From award-winning author Elizabeth Hand comes the first-ever novel authorized to return to the world of Shirley Jackson's The Haunting of Hill House--a "scary and beautifully written" (Neil Gaiman) new story of isolation and longing perfect for our present time.

**Named a Best Book of the Year by The New Yorker, The Washington Post, and Harper's Bazaar**

Open the door . . . .

Holly Sherwin has been a struggling playwright for years, but now, after receiving a grant to develop her play Witching Night, she may finally be close to her big break. All she needs is time and space to bring her vision to life. When she stumbles across Hill House on a weekend getaway upstate, she is immediately taken in by the mansion, nearly hidden outside a remote village. It's enormous, old, and ever-so eerie--the perfect place to develop and rehearse her play.

Despite her own hesitations, Holly's girlfriend, Nisa, agrees to join Holly in renting the house for a month, and soon a troupe of actors, each with ghosts of their own, arrive. Yet as they settle in, the house's peculiarities are made known: strange creatures stalk the grounds, disturbing sounds echo throughout the halls, and time itself seems to shift. All too soon, Holly and her friends find themselves at odds not just with one another, but with the house itself. It seems something has been waiting in Hill House all these years, and it no longer intends to walk alone . . .

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Little Eve

Catriona Ward

Winner of the Shirley Jackson Award for best novel and the August Derleth Prize for best horror novel, Catriona Ward's Little Eve is a heart-pounding literary gothic with a devastating twist. Eve and Dinah are everything to one another, together day and night. They are raised among the Children, a clan ruled by a mysterious figure they call Uncle. All they know is the gray Isle of Altnaharra, which sits alone in the black sea off the wildest coast of Scotland. Eve loves the free, savage life of the Isle and longs to inherit Uncle's power. But Dinah longs for something more, something different. With the dawn of the first World War, the solitude of Altnaharra is broken, and soon after, Eve's faith starts to fracture. In the depths of winter, as the old year dies, the nearby townsfolk awaken to discover a massacre on the Isle. Eve and Dinah's accounts of that night contradict and intertwine. As past and present converge, only one woman can be telling the truth. Who is guilty, who innocent? And who can be trusted?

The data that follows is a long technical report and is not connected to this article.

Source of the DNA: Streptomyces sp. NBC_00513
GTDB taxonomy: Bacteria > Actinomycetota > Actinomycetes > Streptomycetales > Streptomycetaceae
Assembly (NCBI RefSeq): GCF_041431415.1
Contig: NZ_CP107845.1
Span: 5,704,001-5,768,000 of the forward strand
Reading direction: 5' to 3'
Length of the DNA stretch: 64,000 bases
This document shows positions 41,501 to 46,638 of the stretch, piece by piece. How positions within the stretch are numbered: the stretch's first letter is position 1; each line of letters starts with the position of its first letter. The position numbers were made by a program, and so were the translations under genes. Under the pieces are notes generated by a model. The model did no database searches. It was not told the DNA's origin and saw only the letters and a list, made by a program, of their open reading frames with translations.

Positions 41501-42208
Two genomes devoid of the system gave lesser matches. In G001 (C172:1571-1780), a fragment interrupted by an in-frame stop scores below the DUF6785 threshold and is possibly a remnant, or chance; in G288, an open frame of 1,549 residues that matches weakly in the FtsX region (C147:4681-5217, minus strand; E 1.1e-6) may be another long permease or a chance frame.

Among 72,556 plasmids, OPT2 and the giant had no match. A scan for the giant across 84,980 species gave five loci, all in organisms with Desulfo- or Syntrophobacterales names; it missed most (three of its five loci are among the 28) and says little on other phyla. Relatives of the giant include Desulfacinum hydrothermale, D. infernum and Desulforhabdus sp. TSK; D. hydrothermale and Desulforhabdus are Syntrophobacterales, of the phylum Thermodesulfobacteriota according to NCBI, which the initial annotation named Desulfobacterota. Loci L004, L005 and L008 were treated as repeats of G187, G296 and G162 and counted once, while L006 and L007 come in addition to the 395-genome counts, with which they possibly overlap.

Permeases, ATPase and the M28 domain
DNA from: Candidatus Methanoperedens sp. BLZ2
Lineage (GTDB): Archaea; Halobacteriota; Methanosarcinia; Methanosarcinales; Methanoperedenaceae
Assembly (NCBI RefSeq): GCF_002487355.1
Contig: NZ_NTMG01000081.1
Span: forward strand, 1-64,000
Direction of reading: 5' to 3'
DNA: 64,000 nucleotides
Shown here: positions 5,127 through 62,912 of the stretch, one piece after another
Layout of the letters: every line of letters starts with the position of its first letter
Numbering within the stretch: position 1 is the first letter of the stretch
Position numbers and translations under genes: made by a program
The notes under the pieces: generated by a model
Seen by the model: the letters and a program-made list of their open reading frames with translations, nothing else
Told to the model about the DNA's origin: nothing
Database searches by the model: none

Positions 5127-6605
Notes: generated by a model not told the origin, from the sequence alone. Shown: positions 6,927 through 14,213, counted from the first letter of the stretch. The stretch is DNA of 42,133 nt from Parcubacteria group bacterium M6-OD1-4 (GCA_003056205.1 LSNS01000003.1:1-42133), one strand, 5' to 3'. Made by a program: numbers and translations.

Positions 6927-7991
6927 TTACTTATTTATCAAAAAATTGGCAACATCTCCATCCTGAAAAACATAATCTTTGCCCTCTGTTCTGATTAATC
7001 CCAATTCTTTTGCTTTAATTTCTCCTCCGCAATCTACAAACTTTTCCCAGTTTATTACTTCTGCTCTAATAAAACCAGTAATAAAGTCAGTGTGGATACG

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The Neighbor Favor

Kristina Forest

A shy bookworm enlists her charming neighbor to help her score a date, not knowing he’s the obscure author she’s been corresponding with, in this sparkling and heart-fluttering romance by Kristina Forest.

Shy, bookish, and admittedly awkward, Lily Greene has always felt inadequate compared to the rest of her accomplished family, who strive for Black excellence. She dreams of becoming a children’s books editor, but she’s been frustratingly stuck in the nonfiction division for years without a promotion in sight. Lily finds escapism in her correspondences with her favorite fantasy author, and what begins as two lonely people connecting over email turns into a tentative friendship and possibly something else Lily won’t let herself entertain—until he ghosts her without a word.
 
Months later, Lily is still crushed, but she’s determined to get a hold of her life, starting with finding a date to her sister’s wedding. And the perfect person to help her is Nick Brown, her charming, attractive new neighbor, who she feels drawn to for reasons she can’t explain. But little does she know, Nick is an author—her favorite fantasy author.
 
Nick, who has his reasons for using a pen name and pushing people away, soon realizes that the beautiful, quiet girl from down the hall is the same Lily he fell in love with over email months ago. Unwilling to complicate things even more between them, he agrees to set her up with someone else, though this simple favor between two neighbors is anything but—not when he can't get her off his mind...

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What You Need to Be Warm

Neil Gaiman

During the coldest season, when the world feels scary--what do you remember about being warm?

Baked potatoes.

Trust.

A kettle on the stove.

Blankets.

A smile.

And, most of all, the reassurance that you belong.

In his powerful and moving poem, featuring illustrations from thirteen extraordinary artists, bestselling author and UNHCR Goodwill Ambassador Neil Gaiman draws together many different memories to answer the question, what do you need to be warm?